In a recent judgement in the case of Girard v. France (in French) the Court recognized a new right under Article 8 – the right to bury one’s relatives. This case involved three aspects of dealing with an individual’s remains under the Convention: returning the body to relatives, organizing and attending a funeral, and treatment of samples taken from the body for investigation purposes. The Court had dealt with these issues separately before. The outcome was different when the issues got mixed. Continue reading
By Laurens Lavrysen*
As Alexandra correctly noted in her post, R.R. v. Poland is a very interesting judgment. The focus of this post will lie on the general health rights implications of this judgment, which exceed the specific context of reproductive health.
In the case of Tysiąc v. Poland (ECtHR 20 March 2007) the Court stated that “once the legislature decides to allow abortion, it must not structure its legal framework in a way which would limit real possibilities to obtain it.” The Court ruled that Poland had violated Art. 8 ECHR because there was no procedure to establish whether Mrs. Tysiąc could have access to a legal abortion on health grounds. She had a severe sight disability and there were serious reasons to believe that her sight would decrease even more if she were to give birth. As she was denied access to an abortion, she eventually became almost blind.
The case of R.R. is quite comparable: the applicant is a woman who had a right to have an abortion under domestic law (on the ground that her fetus was severely malformed) but she was prevented effective access to this right (because the Polish doctors and hospitals she contacted deliberately refused to do a conclusive genetic test before the legal time limit).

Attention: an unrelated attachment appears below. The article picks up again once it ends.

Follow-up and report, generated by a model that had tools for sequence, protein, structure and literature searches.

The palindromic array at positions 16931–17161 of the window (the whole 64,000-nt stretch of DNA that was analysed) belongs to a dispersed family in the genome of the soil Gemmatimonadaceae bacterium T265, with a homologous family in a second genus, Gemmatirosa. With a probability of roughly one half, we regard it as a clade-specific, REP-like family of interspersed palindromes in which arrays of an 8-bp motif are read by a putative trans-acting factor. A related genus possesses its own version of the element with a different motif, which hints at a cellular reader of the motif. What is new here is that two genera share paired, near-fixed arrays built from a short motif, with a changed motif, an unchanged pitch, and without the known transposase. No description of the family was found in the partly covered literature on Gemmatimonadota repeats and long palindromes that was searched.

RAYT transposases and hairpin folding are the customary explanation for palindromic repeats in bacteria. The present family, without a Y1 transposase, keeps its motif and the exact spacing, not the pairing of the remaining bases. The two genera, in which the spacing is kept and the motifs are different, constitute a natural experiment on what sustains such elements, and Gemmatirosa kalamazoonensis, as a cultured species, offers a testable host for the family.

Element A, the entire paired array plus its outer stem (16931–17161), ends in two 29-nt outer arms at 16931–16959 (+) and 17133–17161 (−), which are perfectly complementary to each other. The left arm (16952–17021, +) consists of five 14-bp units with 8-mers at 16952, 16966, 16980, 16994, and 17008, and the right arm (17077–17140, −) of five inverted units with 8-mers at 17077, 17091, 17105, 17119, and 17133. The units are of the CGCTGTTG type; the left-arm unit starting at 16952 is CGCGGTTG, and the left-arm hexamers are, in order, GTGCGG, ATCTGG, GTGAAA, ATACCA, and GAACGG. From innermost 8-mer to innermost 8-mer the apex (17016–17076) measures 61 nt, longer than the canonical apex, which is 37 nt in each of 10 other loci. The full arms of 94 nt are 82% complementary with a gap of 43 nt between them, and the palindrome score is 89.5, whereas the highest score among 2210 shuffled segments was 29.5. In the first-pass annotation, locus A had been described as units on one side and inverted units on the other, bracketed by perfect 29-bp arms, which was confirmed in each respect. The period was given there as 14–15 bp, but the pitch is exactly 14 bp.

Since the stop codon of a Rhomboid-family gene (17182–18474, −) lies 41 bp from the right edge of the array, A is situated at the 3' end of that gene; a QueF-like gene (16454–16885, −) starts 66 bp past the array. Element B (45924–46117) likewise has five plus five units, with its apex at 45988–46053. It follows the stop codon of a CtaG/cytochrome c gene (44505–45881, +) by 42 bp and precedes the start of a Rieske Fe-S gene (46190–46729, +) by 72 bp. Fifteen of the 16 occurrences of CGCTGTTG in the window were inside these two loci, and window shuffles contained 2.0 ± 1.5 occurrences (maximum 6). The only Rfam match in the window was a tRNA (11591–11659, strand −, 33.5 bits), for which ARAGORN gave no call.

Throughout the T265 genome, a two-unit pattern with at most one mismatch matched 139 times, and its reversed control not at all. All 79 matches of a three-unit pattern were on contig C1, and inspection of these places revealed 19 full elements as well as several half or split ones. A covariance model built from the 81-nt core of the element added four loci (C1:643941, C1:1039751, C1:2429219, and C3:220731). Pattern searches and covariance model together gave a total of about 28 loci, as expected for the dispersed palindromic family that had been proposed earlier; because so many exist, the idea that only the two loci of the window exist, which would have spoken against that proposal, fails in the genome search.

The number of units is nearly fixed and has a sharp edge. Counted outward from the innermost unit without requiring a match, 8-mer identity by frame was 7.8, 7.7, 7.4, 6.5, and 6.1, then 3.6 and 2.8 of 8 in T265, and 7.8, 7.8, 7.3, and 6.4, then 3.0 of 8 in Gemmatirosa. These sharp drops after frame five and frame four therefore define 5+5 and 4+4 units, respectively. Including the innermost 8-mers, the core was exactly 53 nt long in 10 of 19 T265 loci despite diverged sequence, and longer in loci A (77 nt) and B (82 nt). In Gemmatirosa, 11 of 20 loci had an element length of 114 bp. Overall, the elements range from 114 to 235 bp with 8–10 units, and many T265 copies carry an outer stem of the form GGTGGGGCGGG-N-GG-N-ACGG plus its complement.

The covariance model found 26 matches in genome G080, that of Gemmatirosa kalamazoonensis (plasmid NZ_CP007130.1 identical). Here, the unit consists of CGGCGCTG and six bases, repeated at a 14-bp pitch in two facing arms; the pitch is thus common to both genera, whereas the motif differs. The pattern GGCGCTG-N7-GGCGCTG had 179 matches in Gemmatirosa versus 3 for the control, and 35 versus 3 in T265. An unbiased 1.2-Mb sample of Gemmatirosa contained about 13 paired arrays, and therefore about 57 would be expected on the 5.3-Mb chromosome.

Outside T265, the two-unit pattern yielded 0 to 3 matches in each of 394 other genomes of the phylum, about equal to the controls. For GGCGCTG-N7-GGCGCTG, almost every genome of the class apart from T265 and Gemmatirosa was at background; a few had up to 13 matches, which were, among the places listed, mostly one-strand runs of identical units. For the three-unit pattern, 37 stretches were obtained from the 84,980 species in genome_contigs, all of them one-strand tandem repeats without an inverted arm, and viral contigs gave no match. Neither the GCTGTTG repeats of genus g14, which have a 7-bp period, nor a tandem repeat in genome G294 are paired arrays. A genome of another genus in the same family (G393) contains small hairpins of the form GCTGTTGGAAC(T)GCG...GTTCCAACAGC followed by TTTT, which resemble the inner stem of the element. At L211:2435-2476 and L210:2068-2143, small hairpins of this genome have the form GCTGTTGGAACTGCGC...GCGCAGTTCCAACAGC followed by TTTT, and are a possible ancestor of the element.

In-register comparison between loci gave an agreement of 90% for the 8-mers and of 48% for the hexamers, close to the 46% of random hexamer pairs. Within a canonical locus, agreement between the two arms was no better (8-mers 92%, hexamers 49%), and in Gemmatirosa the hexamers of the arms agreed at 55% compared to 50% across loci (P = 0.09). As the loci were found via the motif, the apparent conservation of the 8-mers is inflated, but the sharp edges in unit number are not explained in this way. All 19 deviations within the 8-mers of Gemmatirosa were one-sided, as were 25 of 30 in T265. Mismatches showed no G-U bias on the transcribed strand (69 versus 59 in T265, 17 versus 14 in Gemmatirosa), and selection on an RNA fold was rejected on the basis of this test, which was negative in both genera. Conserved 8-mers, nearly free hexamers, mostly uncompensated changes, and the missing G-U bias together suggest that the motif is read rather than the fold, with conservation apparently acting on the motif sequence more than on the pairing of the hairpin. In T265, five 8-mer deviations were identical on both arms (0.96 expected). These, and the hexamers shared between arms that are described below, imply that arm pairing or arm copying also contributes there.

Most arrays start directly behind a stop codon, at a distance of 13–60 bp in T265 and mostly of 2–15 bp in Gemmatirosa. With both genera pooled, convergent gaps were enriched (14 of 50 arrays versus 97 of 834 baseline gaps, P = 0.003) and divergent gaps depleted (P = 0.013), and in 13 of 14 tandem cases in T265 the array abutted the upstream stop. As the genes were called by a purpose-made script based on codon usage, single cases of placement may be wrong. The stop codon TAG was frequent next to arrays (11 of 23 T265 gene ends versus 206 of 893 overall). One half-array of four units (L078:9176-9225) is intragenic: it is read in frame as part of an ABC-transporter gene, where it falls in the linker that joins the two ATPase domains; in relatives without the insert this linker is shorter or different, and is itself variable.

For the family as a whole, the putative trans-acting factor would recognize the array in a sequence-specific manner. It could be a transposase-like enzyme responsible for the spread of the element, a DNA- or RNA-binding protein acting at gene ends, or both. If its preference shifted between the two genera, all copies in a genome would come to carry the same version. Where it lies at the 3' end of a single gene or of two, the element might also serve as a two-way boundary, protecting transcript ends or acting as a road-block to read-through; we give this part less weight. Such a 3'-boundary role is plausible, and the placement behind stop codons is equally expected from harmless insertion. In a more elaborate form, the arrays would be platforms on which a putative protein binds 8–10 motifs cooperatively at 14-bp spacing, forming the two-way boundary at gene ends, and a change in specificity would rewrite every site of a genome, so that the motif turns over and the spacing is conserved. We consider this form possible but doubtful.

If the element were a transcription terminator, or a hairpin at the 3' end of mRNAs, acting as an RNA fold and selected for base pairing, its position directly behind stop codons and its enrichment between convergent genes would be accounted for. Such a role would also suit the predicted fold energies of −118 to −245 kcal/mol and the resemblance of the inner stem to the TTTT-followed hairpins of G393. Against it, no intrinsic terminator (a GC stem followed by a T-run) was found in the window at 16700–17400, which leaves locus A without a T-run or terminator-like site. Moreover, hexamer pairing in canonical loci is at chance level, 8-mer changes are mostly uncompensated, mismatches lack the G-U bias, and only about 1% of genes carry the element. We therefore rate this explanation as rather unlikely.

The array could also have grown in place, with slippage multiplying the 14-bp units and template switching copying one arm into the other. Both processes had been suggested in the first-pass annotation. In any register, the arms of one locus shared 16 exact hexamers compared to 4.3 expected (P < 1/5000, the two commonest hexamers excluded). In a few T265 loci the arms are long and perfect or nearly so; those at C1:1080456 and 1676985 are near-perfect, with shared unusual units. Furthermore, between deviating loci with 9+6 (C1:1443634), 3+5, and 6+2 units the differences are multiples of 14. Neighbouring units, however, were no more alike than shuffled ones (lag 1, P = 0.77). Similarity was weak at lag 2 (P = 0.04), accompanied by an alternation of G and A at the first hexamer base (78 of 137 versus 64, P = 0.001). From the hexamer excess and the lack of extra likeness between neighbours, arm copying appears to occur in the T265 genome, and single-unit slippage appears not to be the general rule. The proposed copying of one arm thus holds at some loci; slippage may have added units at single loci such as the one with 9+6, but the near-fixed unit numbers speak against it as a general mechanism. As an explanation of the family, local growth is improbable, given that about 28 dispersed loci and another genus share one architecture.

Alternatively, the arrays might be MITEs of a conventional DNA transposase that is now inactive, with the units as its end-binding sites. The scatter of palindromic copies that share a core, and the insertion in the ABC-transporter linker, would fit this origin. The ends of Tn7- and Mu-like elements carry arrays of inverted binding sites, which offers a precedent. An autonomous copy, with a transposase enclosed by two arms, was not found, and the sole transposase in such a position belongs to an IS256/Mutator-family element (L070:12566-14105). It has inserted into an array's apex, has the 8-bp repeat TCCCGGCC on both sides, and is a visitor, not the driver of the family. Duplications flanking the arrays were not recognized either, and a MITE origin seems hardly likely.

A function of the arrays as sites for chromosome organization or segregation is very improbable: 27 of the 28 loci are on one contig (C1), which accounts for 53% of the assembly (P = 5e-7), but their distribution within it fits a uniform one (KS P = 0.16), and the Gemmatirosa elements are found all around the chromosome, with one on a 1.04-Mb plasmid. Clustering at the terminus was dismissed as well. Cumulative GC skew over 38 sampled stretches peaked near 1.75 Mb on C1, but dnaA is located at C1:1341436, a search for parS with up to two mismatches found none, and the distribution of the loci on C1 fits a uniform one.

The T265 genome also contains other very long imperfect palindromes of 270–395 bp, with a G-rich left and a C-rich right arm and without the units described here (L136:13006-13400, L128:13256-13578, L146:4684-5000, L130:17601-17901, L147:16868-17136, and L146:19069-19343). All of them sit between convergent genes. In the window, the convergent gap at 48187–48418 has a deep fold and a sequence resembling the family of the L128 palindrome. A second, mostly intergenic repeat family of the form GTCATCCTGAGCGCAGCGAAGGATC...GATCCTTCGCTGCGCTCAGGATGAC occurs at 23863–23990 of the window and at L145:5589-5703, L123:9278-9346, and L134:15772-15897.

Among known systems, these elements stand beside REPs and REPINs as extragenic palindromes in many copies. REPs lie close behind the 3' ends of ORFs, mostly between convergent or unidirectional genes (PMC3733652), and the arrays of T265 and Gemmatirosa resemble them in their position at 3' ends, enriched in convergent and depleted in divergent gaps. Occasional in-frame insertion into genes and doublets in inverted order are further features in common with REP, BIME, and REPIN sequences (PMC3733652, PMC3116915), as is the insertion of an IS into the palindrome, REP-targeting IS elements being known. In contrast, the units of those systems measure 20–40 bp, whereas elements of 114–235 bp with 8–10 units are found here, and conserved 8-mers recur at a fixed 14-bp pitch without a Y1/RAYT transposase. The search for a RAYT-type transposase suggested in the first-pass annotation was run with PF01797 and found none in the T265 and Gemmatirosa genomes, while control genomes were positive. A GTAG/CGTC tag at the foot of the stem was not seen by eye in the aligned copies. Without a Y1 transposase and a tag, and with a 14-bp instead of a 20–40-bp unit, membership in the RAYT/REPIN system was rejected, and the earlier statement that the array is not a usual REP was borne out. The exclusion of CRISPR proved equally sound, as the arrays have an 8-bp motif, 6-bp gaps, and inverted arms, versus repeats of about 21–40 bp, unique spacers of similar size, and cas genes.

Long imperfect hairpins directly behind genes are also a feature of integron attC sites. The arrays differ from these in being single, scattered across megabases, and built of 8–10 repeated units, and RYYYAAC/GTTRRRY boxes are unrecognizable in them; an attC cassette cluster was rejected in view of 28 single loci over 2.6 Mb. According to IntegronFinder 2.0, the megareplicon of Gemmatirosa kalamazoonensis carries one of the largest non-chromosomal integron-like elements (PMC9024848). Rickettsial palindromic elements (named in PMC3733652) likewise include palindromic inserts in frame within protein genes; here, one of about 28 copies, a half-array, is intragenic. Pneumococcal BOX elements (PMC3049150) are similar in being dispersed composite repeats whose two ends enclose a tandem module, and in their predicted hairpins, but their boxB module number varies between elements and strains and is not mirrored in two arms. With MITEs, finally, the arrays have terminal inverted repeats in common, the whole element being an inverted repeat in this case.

It has been claimed and it is also my understanding that human rights protect important aspects of a human life. The views on what are the important aspects may vary. The drafters of the Universal Declaration of Human Rights put in their views; inspired by the rights in the Declaration, the European Convention was composed, and States made an agreement that those are the aspects that should be protected by legally binding human rights. And finally, the Court does its job to interpret the rights and thus we find spheres in each right that are protected by the respective right. These spheres are often determined as rights within the existing broader rights of the Convention. Does the Court think about the general importance of the spheres in human life when developing the scope of rights? To my mind, it could be at least stronger on applying the importance criterion. Let’s take a look at a recent case decided by the Court – Golemanova v. Bulgaria. Continue reading
Mgn Limited v. the United Kingdom concerned several articles published in 2001 in the tabloid Mirror (now Daily Mirror), revealing that supermodel Naomi Campbell was attending Narcotics Anonymous (NA) meetings in an attempt to treat her drug addiction. The articles were accompanied by several photographs, including one in which Ms. Campbell was seen standing in the street in front of a building as the central figure in a small group, dressed in jeans and wearing a baseball cap. Reportedly having just attended an NA meeting, she was being embraced by two people whose faces had been masked on the photograph. The photograph had been taken by a free-lance photographer contracted by the newspaper for that job. He took the photographs covertly while concealed some distance away in a parked car. Ms. Campbell brought proceeding against the Mirror, claiming a breach of confidentiality.